• important information for Sound Sense members
News & Views
Working safely during the COVID-19 pandemic
Date posted: 14 October 2020
Colleagues across the UK and beyond are developing resources to help music practitioners plan activity and assess risk in the light of the COVID-19 pandemic. Through our role in the ArtWorks Alliance network for participatory arts, we are collating a toolkit of information, guidance and templates relevant to Sound Sense members.

When resuming “face-to-face” community music activity, we urge members to follow these three steps:

  • Make sure you follow the government rules and guidelines that apply to your country. The rules differ depending on where you operate in the UK, you can find links to relevant guidance for England, Scotland, Wales and Northern Ireland below.
  • Prepare a risk assessment for each community music activity you plan, specifically showing that you have taken all reasonable steps to prevent the spread of coronavirus infection. We have provided links to risk assessment templates below as well as helpful advice on safe working.
  • Where government guidance is not specific to your situation, make a record of your interpretation on your risk assessment so that you can refer back to your decision-making as required


Important note about insurance during the COVID-19 pandemic

We have been in touch with our insurer, who confirms that, as long as members are complying with the government guidelines for re-opening and social distancing, then the Sound Sense Public Liability Insurance policy (for individual members) will operate as normal.

We are also pleased to confirm that our PLI covers members for the delivery of music sessions via online platforms, and that this information is now displayed on individuals' certificates. Members can download updated certificates as required via the Members Area Homepage.



The DCMS guidelines for the performing arts are updated frequently (the most recent version is 6 October) so please check here regularly for the latest information:


These DCMS guidelines should be read in conjunction with the current guidelines for social distancing and the safe-use of community facilities:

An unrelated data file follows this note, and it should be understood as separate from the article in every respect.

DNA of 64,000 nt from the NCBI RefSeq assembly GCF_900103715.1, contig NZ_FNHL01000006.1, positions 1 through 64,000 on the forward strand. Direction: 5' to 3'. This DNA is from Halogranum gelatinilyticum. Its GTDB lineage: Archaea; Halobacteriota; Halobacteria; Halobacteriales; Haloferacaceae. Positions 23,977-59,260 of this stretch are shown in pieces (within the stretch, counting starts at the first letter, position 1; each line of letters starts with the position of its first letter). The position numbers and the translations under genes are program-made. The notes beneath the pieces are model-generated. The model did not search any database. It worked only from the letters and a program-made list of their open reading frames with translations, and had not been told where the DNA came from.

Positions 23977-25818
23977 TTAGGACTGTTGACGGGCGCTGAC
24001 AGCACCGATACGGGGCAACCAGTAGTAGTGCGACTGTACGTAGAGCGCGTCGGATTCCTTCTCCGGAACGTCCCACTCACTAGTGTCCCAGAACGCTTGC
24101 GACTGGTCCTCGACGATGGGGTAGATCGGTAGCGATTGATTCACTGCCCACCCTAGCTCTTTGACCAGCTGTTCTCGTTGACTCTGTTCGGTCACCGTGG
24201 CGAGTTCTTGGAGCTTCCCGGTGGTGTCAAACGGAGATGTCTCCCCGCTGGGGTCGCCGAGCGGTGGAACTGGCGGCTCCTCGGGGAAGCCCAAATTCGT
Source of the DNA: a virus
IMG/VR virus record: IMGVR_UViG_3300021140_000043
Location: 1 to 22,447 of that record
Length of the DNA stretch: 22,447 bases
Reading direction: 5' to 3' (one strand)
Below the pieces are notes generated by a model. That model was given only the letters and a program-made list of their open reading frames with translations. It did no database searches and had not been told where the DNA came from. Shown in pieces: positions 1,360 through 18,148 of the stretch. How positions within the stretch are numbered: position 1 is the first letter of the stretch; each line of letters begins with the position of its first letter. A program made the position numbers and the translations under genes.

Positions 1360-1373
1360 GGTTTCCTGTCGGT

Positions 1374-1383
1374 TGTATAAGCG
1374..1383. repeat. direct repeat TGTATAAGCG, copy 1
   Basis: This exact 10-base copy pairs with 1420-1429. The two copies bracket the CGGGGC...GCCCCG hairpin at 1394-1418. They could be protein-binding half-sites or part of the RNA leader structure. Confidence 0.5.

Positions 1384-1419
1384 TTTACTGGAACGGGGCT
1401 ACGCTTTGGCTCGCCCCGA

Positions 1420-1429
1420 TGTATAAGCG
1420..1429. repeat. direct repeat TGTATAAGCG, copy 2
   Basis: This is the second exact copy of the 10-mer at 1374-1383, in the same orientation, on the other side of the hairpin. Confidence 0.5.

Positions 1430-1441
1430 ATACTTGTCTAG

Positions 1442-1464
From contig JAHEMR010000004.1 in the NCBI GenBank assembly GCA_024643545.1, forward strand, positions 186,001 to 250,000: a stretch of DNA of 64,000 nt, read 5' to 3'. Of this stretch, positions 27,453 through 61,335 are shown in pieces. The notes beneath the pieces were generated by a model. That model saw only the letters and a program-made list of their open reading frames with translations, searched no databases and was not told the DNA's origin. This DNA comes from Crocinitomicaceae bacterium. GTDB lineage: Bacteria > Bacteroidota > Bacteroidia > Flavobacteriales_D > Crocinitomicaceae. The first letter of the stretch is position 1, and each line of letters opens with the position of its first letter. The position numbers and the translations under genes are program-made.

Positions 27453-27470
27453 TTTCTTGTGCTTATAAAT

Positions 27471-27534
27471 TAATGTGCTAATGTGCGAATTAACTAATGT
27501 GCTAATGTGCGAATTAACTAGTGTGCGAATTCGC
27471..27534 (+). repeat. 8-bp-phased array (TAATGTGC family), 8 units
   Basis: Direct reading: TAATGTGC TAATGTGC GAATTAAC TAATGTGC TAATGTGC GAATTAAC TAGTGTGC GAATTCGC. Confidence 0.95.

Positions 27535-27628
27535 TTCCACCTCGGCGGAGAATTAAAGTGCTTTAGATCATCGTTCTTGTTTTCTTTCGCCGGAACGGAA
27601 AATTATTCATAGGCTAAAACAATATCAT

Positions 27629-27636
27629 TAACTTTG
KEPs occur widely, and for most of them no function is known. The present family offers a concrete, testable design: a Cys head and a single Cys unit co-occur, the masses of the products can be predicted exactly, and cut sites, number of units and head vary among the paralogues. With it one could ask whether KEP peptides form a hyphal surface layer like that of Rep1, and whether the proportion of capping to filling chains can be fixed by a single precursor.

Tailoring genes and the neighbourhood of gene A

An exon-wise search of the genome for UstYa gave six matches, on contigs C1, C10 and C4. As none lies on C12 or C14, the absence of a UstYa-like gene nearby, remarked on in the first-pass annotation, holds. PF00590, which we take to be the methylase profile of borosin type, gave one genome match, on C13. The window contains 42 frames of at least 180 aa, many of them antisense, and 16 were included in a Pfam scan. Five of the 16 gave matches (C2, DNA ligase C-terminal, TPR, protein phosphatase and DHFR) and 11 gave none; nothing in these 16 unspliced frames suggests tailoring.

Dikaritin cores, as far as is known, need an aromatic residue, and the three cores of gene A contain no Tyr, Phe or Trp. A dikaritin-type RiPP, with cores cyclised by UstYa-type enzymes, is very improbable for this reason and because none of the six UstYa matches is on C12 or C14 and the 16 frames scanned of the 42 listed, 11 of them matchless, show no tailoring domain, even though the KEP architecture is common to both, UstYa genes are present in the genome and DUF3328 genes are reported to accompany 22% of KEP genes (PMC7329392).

In the update of 14 August, DCMS confirmed that non-professionals can now take part in musical activity as long as current social distancing guidelines are followed. In addition, the extra restrictions on singing, wind and brass have been lifted, the crucial change reads:

"Additional mitigations, such as extended social distancing, were previously required for singing, wind and brass given concerns that these were potentially higher risk activities. DCMS commissioned further scientific studies to develop the scientific evidence on these activities, which has allowed us to reconsider these additional mitigations. Both professionals and non-professionals can now engage in singing, wind and brass in line with this guidance."

Today, 14 October, the new three-tier system comes into place which places additional restrictions on areas considered at high or very high alert level. You can find out more and check your local COVID alert level at:


ABCD, the Association of British Choral Directors, has prepared this helpful interpretation of the DCMS guidance. It’s intended for those involved in community-based adult choirs, but much of the advice can be applied to a wider range of musical activity:




On 21 August, the Scottish Government published it's guidance for the safe re-opening of the performing arts and venues sector in Scotland. Members should note that the guidance differs significantly from the parallel DCMS guidance for England. In particular, non-professional musicians and groups can only meet outdoors. Non-professionals participating in an organised outdoor activity managed by an organisation - including a business, charity or club – can meet outdoors from 24 August. Organisers must comply with 2 metre physical distancing, hygiene measures, risk assessment processes and all other relevant guidance.